Mt. Vernon Register-News from Mt Vernon, Illinois on January 29, 1969 · Page 4
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Mt. Vernon Register-News from Mt Vernon, Illinois · Page 4

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Mt Vernon, Illinois
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Wednesday, January 29, 1969
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Page 4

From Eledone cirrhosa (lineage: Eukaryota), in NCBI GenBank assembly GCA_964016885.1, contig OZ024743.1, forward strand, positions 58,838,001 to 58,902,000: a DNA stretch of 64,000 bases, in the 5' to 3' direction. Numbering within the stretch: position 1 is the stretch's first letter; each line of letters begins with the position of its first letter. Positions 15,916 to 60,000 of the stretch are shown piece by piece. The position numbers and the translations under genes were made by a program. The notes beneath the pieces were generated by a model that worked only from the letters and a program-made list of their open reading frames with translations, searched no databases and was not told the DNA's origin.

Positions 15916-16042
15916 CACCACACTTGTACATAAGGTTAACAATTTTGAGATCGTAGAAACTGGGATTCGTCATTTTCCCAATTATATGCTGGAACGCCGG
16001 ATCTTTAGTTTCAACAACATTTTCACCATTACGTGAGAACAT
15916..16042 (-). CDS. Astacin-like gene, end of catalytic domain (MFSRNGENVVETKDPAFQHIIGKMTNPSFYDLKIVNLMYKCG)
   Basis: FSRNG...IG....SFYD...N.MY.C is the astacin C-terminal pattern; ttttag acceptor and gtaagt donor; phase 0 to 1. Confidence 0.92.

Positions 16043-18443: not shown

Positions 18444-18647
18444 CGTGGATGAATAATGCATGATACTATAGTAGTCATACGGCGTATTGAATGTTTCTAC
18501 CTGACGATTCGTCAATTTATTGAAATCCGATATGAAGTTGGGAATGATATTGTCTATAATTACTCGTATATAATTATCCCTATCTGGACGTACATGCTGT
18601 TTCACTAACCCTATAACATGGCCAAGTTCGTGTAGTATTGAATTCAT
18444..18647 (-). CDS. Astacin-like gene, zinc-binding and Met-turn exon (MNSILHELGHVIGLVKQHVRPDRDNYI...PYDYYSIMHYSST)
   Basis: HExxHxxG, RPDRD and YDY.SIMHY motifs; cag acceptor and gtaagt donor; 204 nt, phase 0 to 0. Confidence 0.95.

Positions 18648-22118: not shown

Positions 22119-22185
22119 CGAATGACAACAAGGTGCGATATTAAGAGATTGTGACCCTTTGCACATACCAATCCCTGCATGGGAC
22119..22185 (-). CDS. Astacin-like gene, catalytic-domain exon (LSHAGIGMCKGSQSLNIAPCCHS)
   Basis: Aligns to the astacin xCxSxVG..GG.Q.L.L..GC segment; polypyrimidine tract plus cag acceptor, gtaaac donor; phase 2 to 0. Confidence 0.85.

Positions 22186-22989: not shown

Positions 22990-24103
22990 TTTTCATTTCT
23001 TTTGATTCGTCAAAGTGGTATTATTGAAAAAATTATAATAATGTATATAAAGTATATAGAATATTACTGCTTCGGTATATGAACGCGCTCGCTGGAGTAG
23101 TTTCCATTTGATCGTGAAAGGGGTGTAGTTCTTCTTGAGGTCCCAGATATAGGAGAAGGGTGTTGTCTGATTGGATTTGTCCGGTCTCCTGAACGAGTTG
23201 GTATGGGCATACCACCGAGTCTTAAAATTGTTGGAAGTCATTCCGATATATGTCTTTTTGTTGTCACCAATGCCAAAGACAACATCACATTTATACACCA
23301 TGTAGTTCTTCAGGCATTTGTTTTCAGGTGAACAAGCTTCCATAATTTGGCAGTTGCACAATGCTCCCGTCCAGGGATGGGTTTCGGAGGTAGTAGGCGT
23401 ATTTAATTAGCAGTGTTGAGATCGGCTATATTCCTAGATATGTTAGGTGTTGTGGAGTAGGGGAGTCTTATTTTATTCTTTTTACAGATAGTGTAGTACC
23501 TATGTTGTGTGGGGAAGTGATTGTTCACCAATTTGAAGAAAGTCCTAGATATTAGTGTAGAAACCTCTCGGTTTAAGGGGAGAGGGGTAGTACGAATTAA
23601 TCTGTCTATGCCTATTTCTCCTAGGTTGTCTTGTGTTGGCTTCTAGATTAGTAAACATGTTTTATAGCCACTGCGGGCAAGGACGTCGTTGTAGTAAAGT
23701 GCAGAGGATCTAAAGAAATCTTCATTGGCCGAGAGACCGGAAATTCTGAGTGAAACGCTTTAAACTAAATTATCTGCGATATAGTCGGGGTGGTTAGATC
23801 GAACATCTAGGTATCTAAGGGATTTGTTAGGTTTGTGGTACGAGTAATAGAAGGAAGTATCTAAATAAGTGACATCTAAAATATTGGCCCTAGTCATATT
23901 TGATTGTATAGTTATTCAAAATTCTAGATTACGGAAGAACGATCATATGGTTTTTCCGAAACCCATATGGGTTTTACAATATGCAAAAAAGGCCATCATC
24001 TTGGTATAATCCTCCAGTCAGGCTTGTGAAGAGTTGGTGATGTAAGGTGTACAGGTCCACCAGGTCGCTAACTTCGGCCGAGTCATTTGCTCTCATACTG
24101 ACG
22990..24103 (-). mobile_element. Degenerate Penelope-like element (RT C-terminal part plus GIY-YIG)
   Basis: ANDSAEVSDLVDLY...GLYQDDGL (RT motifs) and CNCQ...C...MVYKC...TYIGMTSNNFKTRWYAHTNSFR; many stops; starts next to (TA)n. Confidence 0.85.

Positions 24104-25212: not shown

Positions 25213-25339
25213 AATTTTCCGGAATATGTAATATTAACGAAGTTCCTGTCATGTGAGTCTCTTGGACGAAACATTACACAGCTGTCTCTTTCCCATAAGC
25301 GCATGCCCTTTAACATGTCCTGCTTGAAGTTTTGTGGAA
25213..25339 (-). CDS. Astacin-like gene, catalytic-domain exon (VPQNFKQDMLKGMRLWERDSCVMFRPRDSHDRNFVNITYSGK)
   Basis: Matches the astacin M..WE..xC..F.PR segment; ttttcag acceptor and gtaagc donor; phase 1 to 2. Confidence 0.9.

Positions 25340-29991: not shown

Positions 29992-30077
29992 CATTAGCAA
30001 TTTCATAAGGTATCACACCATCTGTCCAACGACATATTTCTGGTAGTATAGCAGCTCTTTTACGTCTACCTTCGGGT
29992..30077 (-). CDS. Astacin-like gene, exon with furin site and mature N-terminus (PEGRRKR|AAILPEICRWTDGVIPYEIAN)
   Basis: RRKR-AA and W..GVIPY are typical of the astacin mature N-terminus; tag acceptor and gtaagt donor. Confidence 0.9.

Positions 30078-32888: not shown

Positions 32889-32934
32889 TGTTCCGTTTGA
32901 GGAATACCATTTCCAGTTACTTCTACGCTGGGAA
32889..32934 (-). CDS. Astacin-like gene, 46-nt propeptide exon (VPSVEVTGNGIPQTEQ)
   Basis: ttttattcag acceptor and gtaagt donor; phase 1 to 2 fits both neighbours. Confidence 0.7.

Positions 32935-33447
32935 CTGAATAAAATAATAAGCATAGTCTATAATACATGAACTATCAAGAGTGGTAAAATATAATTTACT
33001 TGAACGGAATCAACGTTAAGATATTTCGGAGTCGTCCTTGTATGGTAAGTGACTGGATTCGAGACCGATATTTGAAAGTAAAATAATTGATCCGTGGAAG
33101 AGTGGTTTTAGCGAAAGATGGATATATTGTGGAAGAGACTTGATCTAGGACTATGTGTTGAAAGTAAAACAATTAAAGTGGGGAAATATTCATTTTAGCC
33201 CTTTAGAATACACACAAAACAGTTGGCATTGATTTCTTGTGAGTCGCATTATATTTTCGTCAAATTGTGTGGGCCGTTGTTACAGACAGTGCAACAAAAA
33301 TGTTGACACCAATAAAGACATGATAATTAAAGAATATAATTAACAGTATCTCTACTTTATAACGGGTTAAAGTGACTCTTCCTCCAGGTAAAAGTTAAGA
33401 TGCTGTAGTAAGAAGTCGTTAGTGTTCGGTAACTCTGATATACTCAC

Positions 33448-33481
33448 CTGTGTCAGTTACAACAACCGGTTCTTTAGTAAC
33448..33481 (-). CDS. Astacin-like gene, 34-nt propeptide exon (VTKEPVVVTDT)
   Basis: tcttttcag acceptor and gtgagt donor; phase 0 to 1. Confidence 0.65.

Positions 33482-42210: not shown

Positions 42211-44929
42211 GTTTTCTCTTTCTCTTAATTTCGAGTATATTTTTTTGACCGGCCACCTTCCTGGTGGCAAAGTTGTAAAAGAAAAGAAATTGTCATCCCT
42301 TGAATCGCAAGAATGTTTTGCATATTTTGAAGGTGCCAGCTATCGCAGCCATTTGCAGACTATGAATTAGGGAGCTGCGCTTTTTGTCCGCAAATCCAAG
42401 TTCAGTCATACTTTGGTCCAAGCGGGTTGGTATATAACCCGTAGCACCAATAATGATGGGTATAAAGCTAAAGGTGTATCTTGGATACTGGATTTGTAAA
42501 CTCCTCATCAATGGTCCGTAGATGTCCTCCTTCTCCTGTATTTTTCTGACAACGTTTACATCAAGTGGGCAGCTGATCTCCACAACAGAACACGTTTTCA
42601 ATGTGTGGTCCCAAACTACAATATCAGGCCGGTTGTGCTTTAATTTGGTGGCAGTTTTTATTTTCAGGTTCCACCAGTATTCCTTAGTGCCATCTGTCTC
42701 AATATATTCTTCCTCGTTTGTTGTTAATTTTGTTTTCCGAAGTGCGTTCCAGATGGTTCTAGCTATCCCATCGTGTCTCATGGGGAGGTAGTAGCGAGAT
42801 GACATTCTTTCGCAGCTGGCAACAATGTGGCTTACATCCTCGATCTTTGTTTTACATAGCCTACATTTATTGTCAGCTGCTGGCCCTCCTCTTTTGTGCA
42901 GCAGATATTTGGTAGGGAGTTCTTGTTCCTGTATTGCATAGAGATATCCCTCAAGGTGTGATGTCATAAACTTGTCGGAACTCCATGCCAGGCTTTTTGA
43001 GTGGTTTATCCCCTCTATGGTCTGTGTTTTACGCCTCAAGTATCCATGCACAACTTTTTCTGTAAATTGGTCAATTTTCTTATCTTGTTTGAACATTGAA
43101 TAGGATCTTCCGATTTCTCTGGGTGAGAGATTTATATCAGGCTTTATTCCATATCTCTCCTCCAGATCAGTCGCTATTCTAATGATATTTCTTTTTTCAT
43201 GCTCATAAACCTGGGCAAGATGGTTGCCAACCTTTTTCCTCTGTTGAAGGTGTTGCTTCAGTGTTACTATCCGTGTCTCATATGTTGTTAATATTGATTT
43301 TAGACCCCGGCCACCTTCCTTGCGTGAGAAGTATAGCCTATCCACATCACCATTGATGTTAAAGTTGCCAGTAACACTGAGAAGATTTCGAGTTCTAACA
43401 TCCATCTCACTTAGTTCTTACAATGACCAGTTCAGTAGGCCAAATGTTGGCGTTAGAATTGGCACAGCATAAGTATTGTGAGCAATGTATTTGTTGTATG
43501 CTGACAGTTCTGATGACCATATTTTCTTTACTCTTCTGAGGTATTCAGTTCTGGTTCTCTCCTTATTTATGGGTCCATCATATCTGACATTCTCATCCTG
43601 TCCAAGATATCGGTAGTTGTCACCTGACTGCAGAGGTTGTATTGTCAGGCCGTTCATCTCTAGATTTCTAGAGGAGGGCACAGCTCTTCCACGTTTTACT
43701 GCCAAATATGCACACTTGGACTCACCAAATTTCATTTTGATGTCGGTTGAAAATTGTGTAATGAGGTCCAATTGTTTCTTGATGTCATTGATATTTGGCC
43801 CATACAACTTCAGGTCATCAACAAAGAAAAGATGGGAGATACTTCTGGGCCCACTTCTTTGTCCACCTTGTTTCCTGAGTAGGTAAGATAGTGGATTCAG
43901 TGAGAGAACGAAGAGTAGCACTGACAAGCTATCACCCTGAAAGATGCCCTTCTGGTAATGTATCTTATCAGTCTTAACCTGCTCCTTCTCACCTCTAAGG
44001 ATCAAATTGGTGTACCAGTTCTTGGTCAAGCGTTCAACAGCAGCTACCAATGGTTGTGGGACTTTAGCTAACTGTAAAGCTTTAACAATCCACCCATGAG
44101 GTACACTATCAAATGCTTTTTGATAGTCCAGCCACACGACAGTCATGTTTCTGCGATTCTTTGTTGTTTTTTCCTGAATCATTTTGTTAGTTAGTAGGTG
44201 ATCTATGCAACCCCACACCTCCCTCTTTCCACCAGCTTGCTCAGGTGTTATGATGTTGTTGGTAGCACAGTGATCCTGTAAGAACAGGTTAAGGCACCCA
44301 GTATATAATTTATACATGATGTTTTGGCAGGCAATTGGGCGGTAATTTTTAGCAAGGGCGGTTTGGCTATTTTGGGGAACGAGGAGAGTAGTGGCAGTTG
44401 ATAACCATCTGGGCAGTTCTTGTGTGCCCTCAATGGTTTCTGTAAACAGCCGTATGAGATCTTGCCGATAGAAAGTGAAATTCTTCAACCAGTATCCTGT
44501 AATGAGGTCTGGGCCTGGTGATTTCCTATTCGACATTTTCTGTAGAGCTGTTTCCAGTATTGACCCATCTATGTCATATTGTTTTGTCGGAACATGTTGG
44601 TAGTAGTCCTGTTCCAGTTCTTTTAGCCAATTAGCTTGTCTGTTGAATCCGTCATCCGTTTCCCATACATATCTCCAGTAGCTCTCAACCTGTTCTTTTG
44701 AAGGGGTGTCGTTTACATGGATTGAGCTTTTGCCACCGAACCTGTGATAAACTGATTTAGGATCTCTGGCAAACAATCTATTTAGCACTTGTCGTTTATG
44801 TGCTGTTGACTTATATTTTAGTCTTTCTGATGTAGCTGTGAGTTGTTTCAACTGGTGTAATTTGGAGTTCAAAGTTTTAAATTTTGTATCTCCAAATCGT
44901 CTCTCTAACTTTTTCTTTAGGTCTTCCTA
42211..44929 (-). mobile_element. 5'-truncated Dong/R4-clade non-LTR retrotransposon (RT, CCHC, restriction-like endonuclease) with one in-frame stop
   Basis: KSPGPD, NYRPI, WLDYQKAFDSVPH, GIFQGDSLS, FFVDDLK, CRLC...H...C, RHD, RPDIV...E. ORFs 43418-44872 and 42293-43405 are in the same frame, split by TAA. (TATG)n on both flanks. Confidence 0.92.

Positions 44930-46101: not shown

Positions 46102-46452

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4—A THE REGISTER-NEWS — MT. VERNON, ILLINOIS WEDNESDAY, JANUARY 29, 1969 MT. VERNON REGISTER-NEWS 118 North Ninth Street, Mt. Vernon, Illinois 628G4 (DAILY EXCEPT SUNDAY) MT. VERNON NEWS ESTABLISHED 1870 MT. VERNON REGISTER ESTABLISHED 18S2 CONSOLIDATED SEPTEMBER 28, 1920 EDWIN RACK AWAY Editor WM. C. RACKAWAY Business Manager ORIAN METCALF News Editor JOHN RACKAWAY Sports Editor GUY HENRY ..: City Editor NADINE ALLISON Society Edilor ROBERT K. THOMPSON Advertising Manager CHARLES DEITZ Plant Superintendent MEMBER OF THE ASSOCIATED PRESS The Associated Press is exclusively entitled to use [oi the publication of all new s credited to it or riot otherwise credited in this pnucr and also Uie local .lows published therein. Second Class Postage paid at Mt. Vernon Illinois SUBSCRIPTION BATES Subscriptions must be paid in advance. By mail, Jefferson county and adjoining cour'ies, 1 year $ 9.00 G months $6.00; 3 months $3.50; 1 month $ 1.25 By mail outside Jefferson and adjoining counties within 150 miles, 1 year $12.00; 6 months $8.00; 3 months $5.50; per single jnth $ 2.50 Outside 150 miles, 1 year S15.CC 6 months, $8.50; 3 months $6.00; 1 month $2.75 Delivered by carrier in city per week 40 A Thought For Today 2:4. Let each of you look not only to his own interests, but also to the interests of others.—Philipplnns Those who bring sunshine to the lives of others it from themselves.—James M. Earrie, English cannot keep dramatist. Editorial . . Quixotic Joust At Vitamin Pill /GOVERNMENT HEARINGS irfo the vitamin pill industry drag; ^ on. This is a business the Food and Drug Administration j would like to clamp down on, maintaining that most people don't! need vitamins or other food supplements. Manufacturers in turns have claimed that the nconey has been playing dirty pool at the hearings. Latest: charge is that the FDA has commissioned a public opinion survey, so rigged with true-or-false questions that it is guaranteed to reveal widespread ignorance about health. Now, undoubtedly a lot of people are taking vitamins and stuff that they really don't need, or whose benefits 1hey could derive from a better-balanced diet. And undoubtedly some manufacturers would just as soon have them go on buying their products. But in the absence of proof that people are actually harming themselves—proof that has not been forthcoming--the government's role in this matter might more properly be to concentrate on the areas of education and regulation, the latter being the maintaining of quality standards and the prosecution of outright fraudulent advertising. In view of the fact that the best that the government has seen fit to do with cigarettes, which nearly every medical authuority believes are injurious if not downright deadly and which even their makers don't claim are good for the hcadlh, is merely to require a mildly cautionary label on every package, the FDA's war against vitamins suggests a case of massive overkill against a doubtful enemy. The Computerized Fielder CO SOMEONE takes you out to the ball game next summer and you witness a fine display of fly ball snagging by ace outfielder Joe Fungo. You may not know it, nor may Joe himself, but what you have also witnessed is a practical demonstration of the solution of somewhat invovlved problems in trigonometry. Seville Chapman, director of the physics division at Cornell Aeronautical Laboratory, tells how Joe does it, as reported in Scientific American. Consider first balls hit in a direct line with the outfielder. The only changes he can see in the position of the ball are in the vertical. If what he sees is that the tangent, of the angle of elevation of the ball (the angle between the ball and the horizontal as measured from the fielder's eyes) increases uniformly with time, he just stands still and waits for it to come to him. If the tangent of elevation increases at a decreasing rate, he knows it's a pop fly to the infield. If, however, the tangent as he sees it increases at an increasing rate, the ball could be on its way out of the park. Clear? Now suppose Joe has to run 50 feet forward or backward to catch the ball. Ordinarily, he doesn't run the 50 feet at top speed and then stop and wait for the ball. Fnstead, he runs at a constant spped that will maintain a constant rate of increase in the tangent of angle of elevation of the ball. Balls hit to the side are easier, says Chapman. In addition to the information about elevation angle and its rate of change, there is now information about azimuth angle and its rate of change. Enough. Neither Joe nor the fans care about this. As a good ball player, Joe acts as if he were automatically progi'amed by a computer. And he is, by the original computer of them all—the human brain. Ps and Qs Answer ro Previous Puzzle ACROSS warranto" 4 Portion of tobacco 8 Short for introductory school 12 Shoshonean Indian 13 Soviet Union (ab.) 14 Kansas city 15 John (Gaelic) 16 Upon .17 Jest 18 Unusual 20 Spikelet (bot.) 22 Stratagem 24 Gives new metal coating 25 Soon 26 Ruhr city 27 Equip 28 Steer 29 Flower essence 33 Money spender 35 Either 36 Caddoan Indian 37 Cavalry sword (var.) 40 Ancient Irish city 41 More beautiful 44 Perfume 45 Correct 46Rooffinial 47 He had an Irish rose 48 Cease from 50 Craggy hill 53 Honolulu dance 54 Bone of forearm 55 Harem room 5G Let it remain 57 Acid-cut design on metal 58 Expose to moisture DOWN 1 " vive" 2 Miss Hagen 3 Study of wines 4 "—- vide" 5 American Navy (ab.) 6 Cordage fibers 7 Lanquishes 8 Tart 9 Rout out (coll.) 10 Choice part 11 Fathers .(coll.) 19 Low haunt 21 Pellucid 22 Twist out of shape 23 Amazon cetacean 24 King (Latin) 28 Harangue 30 Early Christian traitor 31 Go by aircraft 32 Erect 34 True copy (law) 38 Rich cream soup 39 Consequence 40 Apex 41 Malay boats (var.) 42 Disprove 43 Roman official 46 Greenland village 49 Incorporated (ab.) 51 Poena 35 Above (contr.) 52 Rodent 1 2 3 4 V 6 7 8 9 10 11 12 13 14 \6 16 17 18 19 21 22 23 | I 25 J * 27 I" • II w 31 32 ft 34 •1 » Li 37 38 39 •F 41 42 43 w 45 47 48 49 w ST 63 (A 65. 56 67 68 » :i Do the New History Books Come In?" H . .„.„._ . ™^ ,„™ — . Today In Washington WASHINGTON (AP) — Defense Department planners are budgeting a major drop in ammunition production through the end of 1970, the result of a shift in emphasis from the battlefield in Vietnam to the peace table in Paris. The Pentagon is planning a $1.3 billion drop in orders for air and ground ammunition from its "hot production" base. The reduction will bring its ammunition budget to $6.1 billion in the budget year beginning next July. The current level is $7 .4 billion. The halt in the bombing of North Vietnam last November and a slackening of the ground war in the South allowed the lower production plans. Officials say they plan to keep ammunition factories going because it can take months to reopen a closed production line. WASHINGTON (AP) — A cheap hydrogen bomb set off by the intense light of a laser is a theoretical possibility, the Atomic Energy Commission says, but not until lasers become much more powerful. "The capabilities of present lasers are hundreds or thousands of time lower than that considered by the AEC to even begin to be a cause for any concern in weapons or nuclear explosive device applications," one scientist said. A laser bomb would be an H- bomb in which the intense heat of a laser—which concentrates a beam of light and can create high temperatures—would be used to touch off a hydrogen explosive. In present devices an atomic bomb is used as the trigger. The subject was raised by an article in the current issue of "Scientist and Citizen," a magazine published by the St. Louis- based Committee for Environmental Information. It said laser bombs might be manufactured secretly by countries that do not have the capabilities to manufacture the A- bomb trigger. © 1969 by NEA, Inc "From now on, Pat—would you please call me 'Mr. President'?" Denied Nixon Cabinet Post Rockefeller Offered Latin America Mission By GEORGE GEDDA | . J! .„. . , WASHINGTON (AP, - New | "> fl " in g ^any top posts York Gov. Nelson A. Rockefel- throughout the -government, ler, passed over for a place in ! there nas , be ? n *>™ criticism the Nixon Cabinet, has been j ?* Nlx ° n that hls .^ure to bring asked by his former presidential rival to head a fact-finding mission to latin America. The White House confirmed Tuesday night that Rockefeller had been contacted oh the subject -in recent days. But news secretary Ronald L. Ziegler said no firm decision has been made yet on whether to even send such a mission. Rockefeller, whose family has extensive interests in Latin in top Latin specialists indicated a lack of interest in the area. Rockefeller was chosen at the suggestion of Galo Plaza, secretary general of the Organization of American States. The President was critical of Democratic policy toward Latin America during the campaign, charging that the Alliance for Progress was "floundering" and that the U.S. goal of encouraging stable, constitutional rule TWO INCH RULE — Roslyn Gardiner, 19, of North Cottesloe, Western Australia, enjoys the surf in spite of new rule that bikinis must measure at least two inches at the hip. !d News Capital Footnote By THE ASSOCIATED PRESS A compact nuclear power plant of the type that might furnish electricity for astronauts on the moon is operating at full power in an underground vacuum chamber near Los Angeles. It is a prototype of an auxiliary plant that might also be used by manned orbiting space stations. The test reactor is producing 600 heat kilowatts at 1,300 degrees Fahrenheit, and could generate enough power to supply six average-sized homes and about 25 apartments. j America and worked on some of i had met with minimal success, the area's problems in the ad-! For Rockefeller, heading the I ministration of Franklin D. • mission would be a bit different Roosevelt, said he was "serious- from the role' he reportedly en- ly considering" the offer. . visioned for himself in the Nix- I "We have budgetary difficul- on government. , ties and other problems in the ' Although he battled Nixon for | state," Rockefeller said. "We the Republican presidential \ must appraise the request and'; nomination last summer, the I weigh my responsibility in the ' governor is known to have ex- state." I pected the offer of a Cabinet Diplomatic sources said Nixon j His name cropped up frequently had decided U.S. policy toward | after the election in speculation FASHION IS WHERE YOU FIND IT. Elaine Hood, a senior at Kansas State College in Pittsburg, models her latest creation, a jacket made of the plastic rings that hold beer six-packs together. The rings are fastened by yarn, which also forms the collar and front of the unusual garment. OSLO (AP) — Thor Heyder- dahJ, who floated across the Pacific on a raft, said today he and six companions will try to cross the Atlantic in a panyrus boat modeled on those of the ancient Egyptians. The Oslon newspaper Aftenpo ten published a copyrighted interview with the explorer in which lie said the party would set out from Morocco toward the- end of May. The destination will be South America, "somewhere between the Amazon and the West Indies." In 1947, Heyerdahl and five other men crossed the South Pacific from Peru to Polynesia to pruve that Polynesian culture could have originated in South America. Now, he said, he wants to find out whether Central American culture could have originated in the Mediterranean. He said the pyramids in Mexico could indicate this, "but first I must prove that the people living in the Mediterranean area had the means to cross the Atlantic at that time." Heyerdahl, who lives in Italy and was interviewed in Nice, FTP nee, said the boat will be built by a Negro expert from C'-ad, in central Africa. He said his crew would include the i builder, a Russian doctor, a , Bermuda Negro, an American, i an Italian and a Frenchman. He did not identify them. He said he expects the trip to take two or three months. Capital Quote By THE ASSOCIATED PRESS "It would appear if we are going to maintain a budget surplus that the surtax certainly i will have to be maintained for I the time being."—Senate Republican Leader Everett M. Dirksen. Latin America needed a "thorough re-examination" in the light of a trend toward military dictatorships. Three have taken over in the past four months—in Peru, Brazil and Panama. The mission also could have a useful byproduct in serving to take some heat off in the new administration. Despite .difficulty over who would be secretary of state. "The governor dropped a lot of hints that he was available, but he was too protoMo ask," said a source close to Rockefeller when the names of'Cabinet members became known last month. "Nixon simply did not want to take the hints," the source said. WORLD ALMANAC FACTS Streams and rivers, historically sources for man's spiritual refreshment and religious absolution, have become, by ironic inversion, repositories for man's pollution. The Hudson River, The World Almanac notes, is so polluted that fishermen say a nail dropped into it near Albany or New York will not rust, most of the life-sustaining oxygen having been displaced by filth. Copyright© 1968, Newspaper Enterprise Assn. HUMOR UP OR DOWN Farmer: "You must be brave to come down in a hundred mile gale like this in a parachute." Soldier: "I didn't come down like this in a chute. I went up in a tent." | BARBS ! By PHIL PASTORET ! The local undertaker has 1 promised us a ride in his limousine — and we don't know whether this is a promise or a threat. One of the best ways to assure moderation in all things is to live on the average working man's weekly income. (Newspaper Enters ,-MC Atsn.) r I When the boy comes to collect... When your carrierboy comes to collect, please make sure you're ready. With the right change, if possible. He'll appreciate it with a broad smile and a "Thank you". You see, because he is in business for himself, your newspaperboy depends on the full collection of his route for his full profit Repeat calls mean extra work with no extra profit. So—give the boy a break. And thanks! Wow Thru Saturday {ISP APPLE FILMS promts a KING FEATURES product-. The Beatles Yellfwit Submarine e CwyngM i Hi IM Hum Cvtenim (Kinj Ftilimi SiMitUt Oiv't'Ml m<4 i St^bllilmt Limiltd All *i»Ml « 7:30 P.M. General Audiences COLOR br Define United Artists ALSO 2nd FEATURE 9:10 P.M. HAIR TODAY; sensors tomorrow, are these weighted strands of women's hair. They're the actuating elements of hygrometers that measure and record relative humidity. The hairs, which must never have been dyed, bleached or had a permanent wave, expand or contract with changes in the air 's moisture content. Honeywell employe Linda D'Agostino makes a close inspection. 2a Color by De Luxe »stvmMISDWWHNOOUCTKM STADIUM Ph. 242-5S63 NOW SHOWING Rugged SEAN CONNERY is teamed with the beautiful, sens^ous^BRIGITTE BARDOT in the giant western drama 7:30 P.M. SHALAKO FROM CRC PLUS SECOND ACTION FEATURE A SELMUR PICTURES PRESENTATION BODWLOR'CHRISTOPHER PUJMMER Ulil RWMR'CAMILLASB\RV' DAUAH UW THE HIGH OQUfMISSIOiyO? g.j JJ p ffi \ IN COLOR mou ^^ MMI UIIUM cavoutm